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FanPost Friday: Robbie Ray, the Seattle Mariners, and the pain of heightened expectations

Can we have two good seasons in a row? As a treat?

Oakland Athletics v Seattle Mariners
green fields of the robbie
Photo by Steph Chambers/Getty Images

Hello and welcome back to FanPost Friday. Today we’re going to talk about expectations. I consider expectations to be different yet similar to hope or faith when it comes to sports. The entire industry of stats-based sports projections is what feeds expectations. Hope and faith have to do with you feel about a team regardless of expectations. In the end, they are all connected and feed off of and inform each other in ways that are difficult to quantify.

Expectations in baseball are certainly quantifiable. When your favorite team signs a free agent pitcher after their Cy Young Award winning season, you expect a certain level of success from that pitcher. When your favorite team plays well one season and goes into the next season with a similar core of players, you expect a certain level of success. Robbie Ray and the 2022 Mariners are both falling woefully short of expectations as of right now in June 2022.

Oakland Athletics v Seattle Mariners Photo by Steph Chambers/Getty Images

Ray’d on your parade

It’s not totally uncommon for Cy Young winners to have a dud follow-up season. Call it a Cy-Hangover. The worst recent example is Rick Porcello’s 2017 season following his 2016 Cy Young award. He went from 4.7 bWAR in 2016 to -0.4 in 2017. Porcello did bounce back and have solid seasons in 2018 and 2019. So, even if Ray continues on his current trajectory, it doesn’t necessarily mean the rest of his time with the Mariners will go as poorly. Ray is under contract until 2026, but can opt out after 2024 season.

However, it is frustrating to glance longingly at the 2021 NL Cy Young winner Corbin Burnes and his 2.4 bWAR as we deal with Ray’s inability to beat the lowly Baltimore Orioles and Oakland Athletics, having lost 5 of his last 7 appearances. Ray currently sits at -0.2 bWAR. The majority of Cy Young winners do not have a follow-up season where they post negative bWAR.

Expectations! We expect a certain level of quality from a Cy Young. Félix Hernández delivered 3.6 bWAR for the absolute dogshit 2011 Mariners following his 2010 Cy Young season. The 2022 Mariners have the potential to be a very competitive team and having the one (1) big money free agent the team signed be someone who can be relied on for 6-7 innings of 1 or 2 run ball every appearance would certainly go a long ways in improving the team’s chances.



Has Robbie Ray exceeded, met, or fallen short of your expectations so far?

This poll is closed

  • 1%
    Exceeded them
    (11 votes)
  • 1%
    Met them
    (12 votes)
  • 67%
    Fallen short
    (426 votes)
  • 28%
    Need a bigger sample size, but it’s not looking good
    (181 votes)
630 votes total Vote Now
MLB: MAY 31 Mariners at Orioles Photo by Mark Goldman/Icon Sportswire via Getty Images

The eternal sophomore slump

The topic of most frustrating recent Mariners seasons was discussed on this week’s LL podcast and it reminded me of one of my least favorite, yet painfully relevant trends that the Mariners have given us in the last 15 years or so. Every season where the Mariners have played well above expectations and nearly fought their way into the playoffs, the following season is more or less a disaster. And I fully realize this is this purely an anecdotal, false narrative to push because this spans two different front offices and there are different players involved in each season, and compels me, though. It’s wild to me how many times this has happened since 2009.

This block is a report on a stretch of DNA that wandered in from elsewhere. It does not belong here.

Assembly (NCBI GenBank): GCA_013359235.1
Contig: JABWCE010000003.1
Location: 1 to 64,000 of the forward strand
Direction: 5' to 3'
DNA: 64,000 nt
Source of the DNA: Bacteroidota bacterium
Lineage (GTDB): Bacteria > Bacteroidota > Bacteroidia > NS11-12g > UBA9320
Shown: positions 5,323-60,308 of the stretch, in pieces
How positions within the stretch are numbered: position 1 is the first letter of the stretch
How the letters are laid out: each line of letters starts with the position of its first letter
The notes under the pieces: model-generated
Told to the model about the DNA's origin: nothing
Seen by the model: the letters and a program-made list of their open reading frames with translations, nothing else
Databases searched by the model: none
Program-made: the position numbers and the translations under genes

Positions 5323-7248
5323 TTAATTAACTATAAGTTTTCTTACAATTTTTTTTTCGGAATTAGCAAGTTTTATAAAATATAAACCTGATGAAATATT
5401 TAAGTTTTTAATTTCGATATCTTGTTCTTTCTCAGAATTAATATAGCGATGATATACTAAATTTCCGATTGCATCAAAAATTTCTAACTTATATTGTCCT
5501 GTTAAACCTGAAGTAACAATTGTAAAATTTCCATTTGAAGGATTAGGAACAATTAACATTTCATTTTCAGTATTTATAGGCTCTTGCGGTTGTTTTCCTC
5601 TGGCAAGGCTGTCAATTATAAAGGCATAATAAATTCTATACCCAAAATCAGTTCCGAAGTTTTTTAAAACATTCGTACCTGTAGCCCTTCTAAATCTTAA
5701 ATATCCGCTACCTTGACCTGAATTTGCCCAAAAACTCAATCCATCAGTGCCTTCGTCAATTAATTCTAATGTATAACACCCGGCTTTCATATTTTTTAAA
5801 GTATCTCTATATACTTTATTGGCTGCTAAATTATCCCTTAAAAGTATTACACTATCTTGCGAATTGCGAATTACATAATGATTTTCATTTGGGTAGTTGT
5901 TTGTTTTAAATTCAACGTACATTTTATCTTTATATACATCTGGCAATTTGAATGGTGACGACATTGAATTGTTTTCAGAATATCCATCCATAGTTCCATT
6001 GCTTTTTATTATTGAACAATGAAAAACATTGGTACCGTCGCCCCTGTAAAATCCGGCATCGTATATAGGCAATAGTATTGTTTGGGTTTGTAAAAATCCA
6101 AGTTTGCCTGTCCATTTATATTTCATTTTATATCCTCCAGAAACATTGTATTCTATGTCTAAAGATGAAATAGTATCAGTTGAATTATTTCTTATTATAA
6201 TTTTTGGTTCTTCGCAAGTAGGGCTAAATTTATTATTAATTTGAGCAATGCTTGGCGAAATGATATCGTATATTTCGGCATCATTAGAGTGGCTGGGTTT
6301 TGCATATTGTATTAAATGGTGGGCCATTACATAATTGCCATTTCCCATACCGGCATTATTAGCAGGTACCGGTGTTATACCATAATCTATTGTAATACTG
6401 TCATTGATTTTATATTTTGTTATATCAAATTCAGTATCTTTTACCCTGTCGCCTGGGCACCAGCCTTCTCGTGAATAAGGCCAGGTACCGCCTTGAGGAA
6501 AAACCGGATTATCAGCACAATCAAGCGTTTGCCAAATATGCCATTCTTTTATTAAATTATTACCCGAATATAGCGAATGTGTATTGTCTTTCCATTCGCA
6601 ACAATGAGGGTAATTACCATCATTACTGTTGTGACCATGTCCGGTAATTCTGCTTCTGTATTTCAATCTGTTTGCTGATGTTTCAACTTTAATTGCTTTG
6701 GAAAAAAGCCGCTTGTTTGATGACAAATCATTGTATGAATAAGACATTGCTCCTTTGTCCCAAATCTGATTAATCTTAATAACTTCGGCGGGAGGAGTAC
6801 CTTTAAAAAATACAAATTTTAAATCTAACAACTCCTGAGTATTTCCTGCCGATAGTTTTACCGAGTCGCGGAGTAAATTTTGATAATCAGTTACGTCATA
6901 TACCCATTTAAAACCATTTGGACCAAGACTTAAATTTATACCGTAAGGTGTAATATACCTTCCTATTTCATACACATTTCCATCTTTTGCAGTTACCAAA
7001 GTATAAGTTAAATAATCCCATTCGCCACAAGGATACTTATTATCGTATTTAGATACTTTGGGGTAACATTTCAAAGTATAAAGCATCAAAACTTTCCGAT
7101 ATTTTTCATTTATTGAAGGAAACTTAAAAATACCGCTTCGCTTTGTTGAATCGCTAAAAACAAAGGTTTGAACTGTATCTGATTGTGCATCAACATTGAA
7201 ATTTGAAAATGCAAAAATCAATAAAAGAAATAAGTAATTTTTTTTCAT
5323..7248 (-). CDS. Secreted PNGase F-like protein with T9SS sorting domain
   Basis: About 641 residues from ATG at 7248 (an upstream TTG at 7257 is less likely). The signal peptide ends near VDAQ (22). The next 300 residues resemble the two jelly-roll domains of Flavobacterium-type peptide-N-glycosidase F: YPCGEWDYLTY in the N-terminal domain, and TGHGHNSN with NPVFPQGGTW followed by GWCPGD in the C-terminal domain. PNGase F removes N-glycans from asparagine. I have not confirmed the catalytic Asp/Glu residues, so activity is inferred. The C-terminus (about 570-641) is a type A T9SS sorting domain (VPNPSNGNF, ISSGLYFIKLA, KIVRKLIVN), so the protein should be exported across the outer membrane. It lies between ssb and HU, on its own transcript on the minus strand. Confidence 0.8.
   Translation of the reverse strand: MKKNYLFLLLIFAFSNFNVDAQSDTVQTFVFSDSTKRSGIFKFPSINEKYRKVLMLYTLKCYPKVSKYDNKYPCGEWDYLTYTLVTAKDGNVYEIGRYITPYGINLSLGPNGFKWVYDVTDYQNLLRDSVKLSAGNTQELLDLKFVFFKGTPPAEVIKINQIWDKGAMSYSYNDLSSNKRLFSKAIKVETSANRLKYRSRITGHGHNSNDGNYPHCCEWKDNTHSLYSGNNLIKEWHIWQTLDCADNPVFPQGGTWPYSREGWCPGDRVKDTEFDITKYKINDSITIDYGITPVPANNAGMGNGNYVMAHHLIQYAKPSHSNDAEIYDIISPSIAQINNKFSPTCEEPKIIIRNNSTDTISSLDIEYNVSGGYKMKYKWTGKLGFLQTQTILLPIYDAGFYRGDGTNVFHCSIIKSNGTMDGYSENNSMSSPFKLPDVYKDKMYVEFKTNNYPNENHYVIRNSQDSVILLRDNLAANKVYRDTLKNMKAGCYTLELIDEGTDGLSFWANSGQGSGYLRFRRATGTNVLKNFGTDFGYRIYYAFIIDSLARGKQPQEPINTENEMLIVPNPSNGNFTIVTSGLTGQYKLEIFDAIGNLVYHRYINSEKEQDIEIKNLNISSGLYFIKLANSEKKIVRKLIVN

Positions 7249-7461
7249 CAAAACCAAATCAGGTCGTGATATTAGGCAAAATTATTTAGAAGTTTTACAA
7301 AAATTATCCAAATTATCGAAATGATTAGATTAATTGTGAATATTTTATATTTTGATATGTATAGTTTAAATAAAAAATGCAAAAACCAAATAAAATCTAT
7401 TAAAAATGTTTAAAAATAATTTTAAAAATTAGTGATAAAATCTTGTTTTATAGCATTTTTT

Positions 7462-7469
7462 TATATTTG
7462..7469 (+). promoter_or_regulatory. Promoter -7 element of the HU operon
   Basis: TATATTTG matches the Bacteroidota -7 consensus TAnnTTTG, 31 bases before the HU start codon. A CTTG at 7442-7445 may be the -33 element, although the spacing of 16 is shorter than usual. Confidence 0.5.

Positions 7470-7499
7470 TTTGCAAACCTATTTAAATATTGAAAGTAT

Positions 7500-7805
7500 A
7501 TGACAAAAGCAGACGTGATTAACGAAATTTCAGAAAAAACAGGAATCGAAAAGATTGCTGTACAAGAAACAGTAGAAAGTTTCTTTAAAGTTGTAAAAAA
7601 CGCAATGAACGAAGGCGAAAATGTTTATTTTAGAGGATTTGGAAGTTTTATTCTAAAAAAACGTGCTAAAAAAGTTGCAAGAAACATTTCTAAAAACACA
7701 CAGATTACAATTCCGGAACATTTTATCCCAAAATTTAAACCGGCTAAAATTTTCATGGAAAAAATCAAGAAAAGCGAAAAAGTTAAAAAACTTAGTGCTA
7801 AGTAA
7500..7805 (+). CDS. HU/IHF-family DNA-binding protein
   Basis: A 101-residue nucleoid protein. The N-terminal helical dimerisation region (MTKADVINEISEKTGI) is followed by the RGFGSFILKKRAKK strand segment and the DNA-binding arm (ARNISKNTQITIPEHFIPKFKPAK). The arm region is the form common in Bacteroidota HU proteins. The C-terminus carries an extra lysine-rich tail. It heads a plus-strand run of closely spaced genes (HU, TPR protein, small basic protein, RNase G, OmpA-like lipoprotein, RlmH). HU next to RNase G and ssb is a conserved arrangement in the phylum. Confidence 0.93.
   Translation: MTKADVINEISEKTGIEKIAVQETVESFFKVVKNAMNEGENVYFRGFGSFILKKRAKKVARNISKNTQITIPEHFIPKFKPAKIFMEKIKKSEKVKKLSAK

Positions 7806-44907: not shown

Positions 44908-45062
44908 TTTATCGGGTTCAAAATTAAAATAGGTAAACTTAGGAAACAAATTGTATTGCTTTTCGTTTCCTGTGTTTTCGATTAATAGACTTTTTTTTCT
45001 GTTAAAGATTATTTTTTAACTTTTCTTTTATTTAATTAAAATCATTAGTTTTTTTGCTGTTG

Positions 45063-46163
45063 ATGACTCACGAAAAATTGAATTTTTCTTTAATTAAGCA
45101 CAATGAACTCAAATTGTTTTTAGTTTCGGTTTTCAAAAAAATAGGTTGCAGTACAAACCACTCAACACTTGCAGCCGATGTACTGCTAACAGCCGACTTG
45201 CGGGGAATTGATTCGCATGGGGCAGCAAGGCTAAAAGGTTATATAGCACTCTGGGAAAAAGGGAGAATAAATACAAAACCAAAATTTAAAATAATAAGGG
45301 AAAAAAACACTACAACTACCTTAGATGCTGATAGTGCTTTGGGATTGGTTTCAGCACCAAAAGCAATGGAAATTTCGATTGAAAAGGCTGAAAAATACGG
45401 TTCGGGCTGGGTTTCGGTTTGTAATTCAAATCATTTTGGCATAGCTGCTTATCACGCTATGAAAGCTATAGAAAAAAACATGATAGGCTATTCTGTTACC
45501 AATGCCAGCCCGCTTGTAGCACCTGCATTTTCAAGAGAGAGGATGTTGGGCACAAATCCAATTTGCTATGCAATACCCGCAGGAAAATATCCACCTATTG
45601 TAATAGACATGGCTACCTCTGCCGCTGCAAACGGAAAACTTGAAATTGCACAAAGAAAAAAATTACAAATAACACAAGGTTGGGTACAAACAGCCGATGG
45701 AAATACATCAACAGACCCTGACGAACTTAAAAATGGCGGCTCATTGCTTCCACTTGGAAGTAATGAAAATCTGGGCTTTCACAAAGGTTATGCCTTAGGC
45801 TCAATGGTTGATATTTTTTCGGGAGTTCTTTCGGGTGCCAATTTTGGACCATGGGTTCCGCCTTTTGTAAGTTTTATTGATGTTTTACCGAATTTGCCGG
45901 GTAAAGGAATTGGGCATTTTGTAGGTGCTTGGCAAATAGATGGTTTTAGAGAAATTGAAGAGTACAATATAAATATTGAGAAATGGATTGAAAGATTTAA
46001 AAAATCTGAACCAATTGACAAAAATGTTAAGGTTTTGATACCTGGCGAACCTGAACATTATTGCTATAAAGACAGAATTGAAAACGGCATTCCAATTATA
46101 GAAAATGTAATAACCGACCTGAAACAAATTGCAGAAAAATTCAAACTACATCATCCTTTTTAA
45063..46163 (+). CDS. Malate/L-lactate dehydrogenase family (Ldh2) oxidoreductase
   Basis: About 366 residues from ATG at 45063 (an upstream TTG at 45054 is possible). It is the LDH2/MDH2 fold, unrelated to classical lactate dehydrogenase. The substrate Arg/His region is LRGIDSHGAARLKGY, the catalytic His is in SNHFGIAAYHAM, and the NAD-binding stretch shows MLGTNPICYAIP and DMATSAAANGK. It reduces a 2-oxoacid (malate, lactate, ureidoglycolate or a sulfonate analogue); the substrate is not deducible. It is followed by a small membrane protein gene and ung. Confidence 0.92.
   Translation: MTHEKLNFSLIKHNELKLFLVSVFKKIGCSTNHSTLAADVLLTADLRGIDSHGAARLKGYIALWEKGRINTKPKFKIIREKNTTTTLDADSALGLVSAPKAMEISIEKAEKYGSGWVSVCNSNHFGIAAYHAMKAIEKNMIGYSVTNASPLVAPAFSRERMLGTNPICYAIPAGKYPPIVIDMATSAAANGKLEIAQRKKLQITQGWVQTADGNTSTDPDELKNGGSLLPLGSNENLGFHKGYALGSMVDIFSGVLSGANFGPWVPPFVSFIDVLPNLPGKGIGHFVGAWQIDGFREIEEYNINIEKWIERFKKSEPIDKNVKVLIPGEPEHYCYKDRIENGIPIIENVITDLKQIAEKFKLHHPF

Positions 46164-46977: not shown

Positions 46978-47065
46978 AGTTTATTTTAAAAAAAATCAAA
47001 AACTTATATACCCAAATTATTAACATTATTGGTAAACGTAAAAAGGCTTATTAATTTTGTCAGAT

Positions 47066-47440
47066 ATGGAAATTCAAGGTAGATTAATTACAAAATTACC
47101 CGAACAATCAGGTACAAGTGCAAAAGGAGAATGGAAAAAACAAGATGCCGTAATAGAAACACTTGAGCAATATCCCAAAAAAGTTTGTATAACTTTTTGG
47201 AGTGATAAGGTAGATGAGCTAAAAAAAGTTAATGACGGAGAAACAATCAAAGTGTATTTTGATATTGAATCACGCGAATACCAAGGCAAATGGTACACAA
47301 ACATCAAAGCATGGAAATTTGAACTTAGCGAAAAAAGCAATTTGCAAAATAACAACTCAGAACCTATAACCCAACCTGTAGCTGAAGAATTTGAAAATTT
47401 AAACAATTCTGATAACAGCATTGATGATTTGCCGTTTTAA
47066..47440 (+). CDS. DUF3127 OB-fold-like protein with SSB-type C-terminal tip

• 2009: Played above expectations (although not nearly a playoff berth) and they carried Griffey and Ichiro around the field at the last game of the year.
  • 2010: We don’t talk about 2010 (no no no noooo).
  • 2014: Robinson Canó comes to town, they manage to stay in the playoff hunt way longer than they had any business doing so, and our first whiff of the postseason in many years was intoxicating.
  • 2015: Trainwreck. Jack Z gets the boot.
  • 2016: Played way above expectations, tons of fun walk-off wins (Dae-Ho!), Nelson Cruz in game 161, etc. Very fun season even though they fell short.
  • 2017: Drew Smyly caught the sog and it was all downhill from there.
  • 2021: Played wayyyy above expectations, had an absurd stretch run to stay in the race until the final weekend, but fell short again. Another fun season overall even after a rough first couple months.
  • 2022: Déjà vu all over again? Rapidly running out of runway, but another flaming hot stretch run is still possible!


Are the Mariners doing it again or are they going to pull a 2021 part II?

This poll is closed

  • 34%
    The trend is real
    (168 votes)
  • 2%
    The trend is false
    (11 votes)
  • 26%
    The trend is coincidental and/or bad luck
    (131 votes)
  • 36%
    The Mariners will turn this season around, dangit!
    (181 votes)
491 votes total Vote Now

As Zach Mason put it in one of my favorite recaps ever:

Hope requires letting yourself be vulnerable. You can’t help but worry that you’ll end up with your ass covered in dirt, grumbling “Good grief.” But the alternative, I submit, is worse. Indeed cynicism is the coward’s take. The cynic is not subject to his own smug superiority, insisting that he’s just being realistic. But it’s poison. Simon and Garfunkel warn us of refusing to disturb the slumber of the feelings that have died, ironically singing, “If I never loved, I never would have cried.”

As much as the disappointment that accompanies heightened expectations stings, I agree that the alternative is worse. What’s the point of investing your time and mental energy into a team if you’re not willing to marry yourself to expectations, however reasonable or unreasonable you deem them to be?

Go Mariners.